Types of Asbestos
Throughout the 20th century asbestos was widely used in manufacturing and industry. Asbestos is a naturally occurring substance whose family is comprised of a variety of fibrous minerals. Exposure to these minerals has been connected to various diseases including an aggressive form of cancer known as mesothelioma. This group of minerals consists of six members divided into two categories, serpentine asbestos and amphibole asbestos.
Serpentine asbestos have curled fibers, whereas amphibole asbestos minerals are straight, narrow fibers. Members of the amphibole group constitute the most dangerous type of asbestos as the needle-like fibers can be inhaled and easily imbed themselves in various tissues of the body.
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Crocidolite asbestos, commonly referred to as blue asbestos due to its coloration, is no longer a mined substance and played a somewhat minor role concerning asbestos use in the United States. Unlike other forms of asbestos, this type of asbestos does not have the same heat resistant properties and was therefore used mainly in the manufacturing of asbestos-cement. This member of the amphibole group has long hair-like fibers that penetrate the body’s tissues. Between 1900 and 2003, crocidolite asbestos use accounted for just 2.2 percent of worldwide production and consumption.
Brown asbestos, more formally known as amosite, is another member of the amphibole group. It is considered the second most dangerous of the asbestos minerals due to the long, straight fibers that once imbedded, the body cannot expel. Like blue asbestos, this variety has been linked to the death and illness of countless miners in South Africa. This form of asbestos made up about five percent of the total asbestos use as it pertains to industry. This form of the substance has been banned in several countries; however, amosite products still remain in older buildings and can pose a hazard when the fibers become airborne.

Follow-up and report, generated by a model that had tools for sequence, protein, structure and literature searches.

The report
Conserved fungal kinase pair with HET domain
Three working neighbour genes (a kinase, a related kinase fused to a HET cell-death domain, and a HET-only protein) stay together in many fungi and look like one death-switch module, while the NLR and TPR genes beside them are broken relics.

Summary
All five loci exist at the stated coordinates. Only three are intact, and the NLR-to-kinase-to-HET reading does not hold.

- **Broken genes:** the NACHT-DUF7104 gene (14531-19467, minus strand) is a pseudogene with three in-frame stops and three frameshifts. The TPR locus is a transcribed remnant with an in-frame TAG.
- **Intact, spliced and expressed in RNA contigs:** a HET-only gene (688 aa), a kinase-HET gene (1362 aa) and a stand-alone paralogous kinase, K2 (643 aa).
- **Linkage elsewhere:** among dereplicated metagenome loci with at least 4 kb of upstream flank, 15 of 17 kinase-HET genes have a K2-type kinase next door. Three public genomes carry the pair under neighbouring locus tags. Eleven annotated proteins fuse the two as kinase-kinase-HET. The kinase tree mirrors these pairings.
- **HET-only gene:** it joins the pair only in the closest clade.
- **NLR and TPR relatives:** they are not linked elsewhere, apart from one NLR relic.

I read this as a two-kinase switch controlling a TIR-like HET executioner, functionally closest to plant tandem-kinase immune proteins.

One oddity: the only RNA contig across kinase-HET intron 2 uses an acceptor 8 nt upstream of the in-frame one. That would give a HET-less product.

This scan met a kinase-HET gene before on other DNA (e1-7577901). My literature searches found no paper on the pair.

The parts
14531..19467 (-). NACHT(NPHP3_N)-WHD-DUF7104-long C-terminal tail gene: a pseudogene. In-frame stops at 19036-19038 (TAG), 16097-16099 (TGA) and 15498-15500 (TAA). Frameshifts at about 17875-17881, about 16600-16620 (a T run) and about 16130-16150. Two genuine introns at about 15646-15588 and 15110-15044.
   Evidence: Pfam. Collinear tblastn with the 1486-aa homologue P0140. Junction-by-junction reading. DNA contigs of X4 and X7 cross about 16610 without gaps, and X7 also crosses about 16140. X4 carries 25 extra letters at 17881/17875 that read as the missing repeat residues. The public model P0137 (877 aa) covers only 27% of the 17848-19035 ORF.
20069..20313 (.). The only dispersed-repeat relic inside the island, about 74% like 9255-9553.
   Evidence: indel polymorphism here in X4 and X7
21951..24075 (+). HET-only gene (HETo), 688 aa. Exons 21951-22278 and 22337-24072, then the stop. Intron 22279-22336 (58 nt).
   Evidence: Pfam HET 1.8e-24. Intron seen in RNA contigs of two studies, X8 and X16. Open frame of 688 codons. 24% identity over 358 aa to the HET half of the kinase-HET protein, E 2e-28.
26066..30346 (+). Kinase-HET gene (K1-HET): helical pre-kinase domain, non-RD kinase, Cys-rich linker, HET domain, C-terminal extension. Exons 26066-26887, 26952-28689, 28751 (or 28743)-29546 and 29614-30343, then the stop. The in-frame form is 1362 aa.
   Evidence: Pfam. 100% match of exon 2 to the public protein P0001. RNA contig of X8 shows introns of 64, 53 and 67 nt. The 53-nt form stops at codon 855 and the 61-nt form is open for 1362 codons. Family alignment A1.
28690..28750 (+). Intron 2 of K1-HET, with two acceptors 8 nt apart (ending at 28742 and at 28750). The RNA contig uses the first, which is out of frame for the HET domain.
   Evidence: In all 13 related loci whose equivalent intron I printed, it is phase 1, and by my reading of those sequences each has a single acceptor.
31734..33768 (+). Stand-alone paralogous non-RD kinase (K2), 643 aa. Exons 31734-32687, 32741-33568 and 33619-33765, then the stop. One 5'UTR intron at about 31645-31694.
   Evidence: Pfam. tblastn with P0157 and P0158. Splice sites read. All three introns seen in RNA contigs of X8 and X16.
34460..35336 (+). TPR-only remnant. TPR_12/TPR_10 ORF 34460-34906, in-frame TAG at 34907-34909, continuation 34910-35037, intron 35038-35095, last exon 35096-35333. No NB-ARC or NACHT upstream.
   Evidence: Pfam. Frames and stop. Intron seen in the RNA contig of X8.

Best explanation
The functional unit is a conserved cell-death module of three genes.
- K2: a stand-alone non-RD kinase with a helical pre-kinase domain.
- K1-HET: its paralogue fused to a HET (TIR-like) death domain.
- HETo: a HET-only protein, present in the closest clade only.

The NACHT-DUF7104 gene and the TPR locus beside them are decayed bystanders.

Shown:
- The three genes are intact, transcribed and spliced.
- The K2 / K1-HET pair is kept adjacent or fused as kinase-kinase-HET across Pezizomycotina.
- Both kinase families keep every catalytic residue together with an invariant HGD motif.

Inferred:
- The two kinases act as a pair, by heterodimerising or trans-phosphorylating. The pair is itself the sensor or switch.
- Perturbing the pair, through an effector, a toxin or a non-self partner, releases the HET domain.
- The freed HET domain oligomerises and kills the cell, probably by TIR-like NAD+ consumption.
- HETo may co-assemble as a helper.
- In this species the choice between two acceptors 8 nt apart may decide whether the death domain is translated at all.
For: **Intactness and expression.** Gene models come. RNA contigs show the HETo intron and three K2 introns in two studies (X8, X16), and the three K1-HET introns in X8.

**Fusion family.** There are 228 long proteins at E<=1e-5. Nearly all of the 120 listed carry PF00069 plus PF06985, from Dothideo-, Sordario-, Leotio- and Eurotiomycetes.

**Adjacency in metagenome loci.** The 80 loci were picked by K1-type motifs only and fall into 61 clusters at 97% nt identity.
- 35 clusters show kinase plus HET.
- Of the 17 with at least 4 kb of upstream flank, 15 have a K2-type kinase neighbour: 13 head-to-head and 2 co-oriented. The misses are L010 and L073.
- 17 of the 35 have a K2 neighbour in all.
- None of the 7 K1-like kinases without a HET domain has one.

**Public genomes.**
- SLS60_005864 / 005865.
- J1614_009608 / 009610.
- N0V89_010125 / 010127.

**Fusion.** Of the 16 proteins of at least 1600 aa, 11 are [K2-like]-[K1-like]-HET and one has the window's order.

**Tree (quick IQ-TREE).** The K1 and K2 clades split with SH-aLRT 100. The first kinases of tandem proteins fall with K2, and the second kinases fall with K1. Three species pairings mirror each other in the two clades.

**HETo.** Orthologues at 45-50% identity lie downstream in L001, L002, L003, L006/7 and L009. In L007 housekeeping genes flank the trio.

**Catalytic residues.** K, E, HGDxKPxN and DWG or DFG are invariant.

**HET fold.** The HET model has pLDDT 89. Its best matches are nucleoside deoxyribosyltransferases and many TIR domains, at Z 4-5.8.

This form is the most frequently used form of asbestos and is a member of the serpentine group. This is the only commercially-used form of asbestos belonging to the serpentine family. The fibers are generally softer and less harsh than amphibole varieties, and therefore suited for uses other than those associated with the amphibole group. The use of chrysotile has spanned over two centuries, first utilized for its heat resistant properties in textiles and lamp wicks. Chrysotile continues to be mined in Canada, Russia, Italy and elsewhere, and remains at the center of heated debates concerning safety.
This greenish type of asbestos is most commonly found in metamorphic rocks. Its structure is reticulated long prismatic crystals and fibers it has a harsh texture and poor spinnability. This means it was not likely to be made into a cloth, unlike other forms of asbestos. This form of asbestos also possesses a poor level of flexibility, and there is not much detail available concerning its resistance to heat. Mineral impurities of this form of asbestos include lime and iron.
Anthophyllite asbestos ranges in color from grayish white to brown-gray or green, and has a lamellar or fibrous structure. It is a member of the amphibole group, and the material’s name is derived from the Latin word anthophyllum, which means clove, a reference to the most common color associated with the mineral. The luster of anthophyllite is vitreous to pearly and it possesses short fibers and a harsh texture. This form of asbestos does have spinnability and flexibility. The material’s resistance to acids, alkalies and heat are very strong, making it a natural insulator.
This gray-white, greenish, yellowish or bluish form of asbestos has a silky luster and is a member of the amphibole group of silicate materials. Tremolite asbestos’ structure is long or prismatic with fibrous aggregates. The texture of the material is generally harsh, but can sometimes be soft. The material possesses a poor level of flexibility and spinnability, but does show a strong resistance to heat, acids and alkalies.
Although recent attempts are routinely made to decrease the friability (crumbliness) of asbestos-containing products, this process cannot guarantee exposure will not occur. Large quantities of material and construction containing these minerals were produced prior to asbestos regulations and bans. As these materials are still in existence they can present a serious health hazard. Products containing the various forms of asbestos include asbestos-cement, brake shoes and pads, plastics, roof sealants, and road asphalt, as well as other applications. Despite the industry’s attempts to stabilize the mineral, health professionals and scientists agree that there is not a safe level of exposure to this material, as it acts as a human carcinogen. Despite the known health risks, countries involved in the production and mining of asbestos have gone as far as attempting to block the toxic mineral’s classification as such.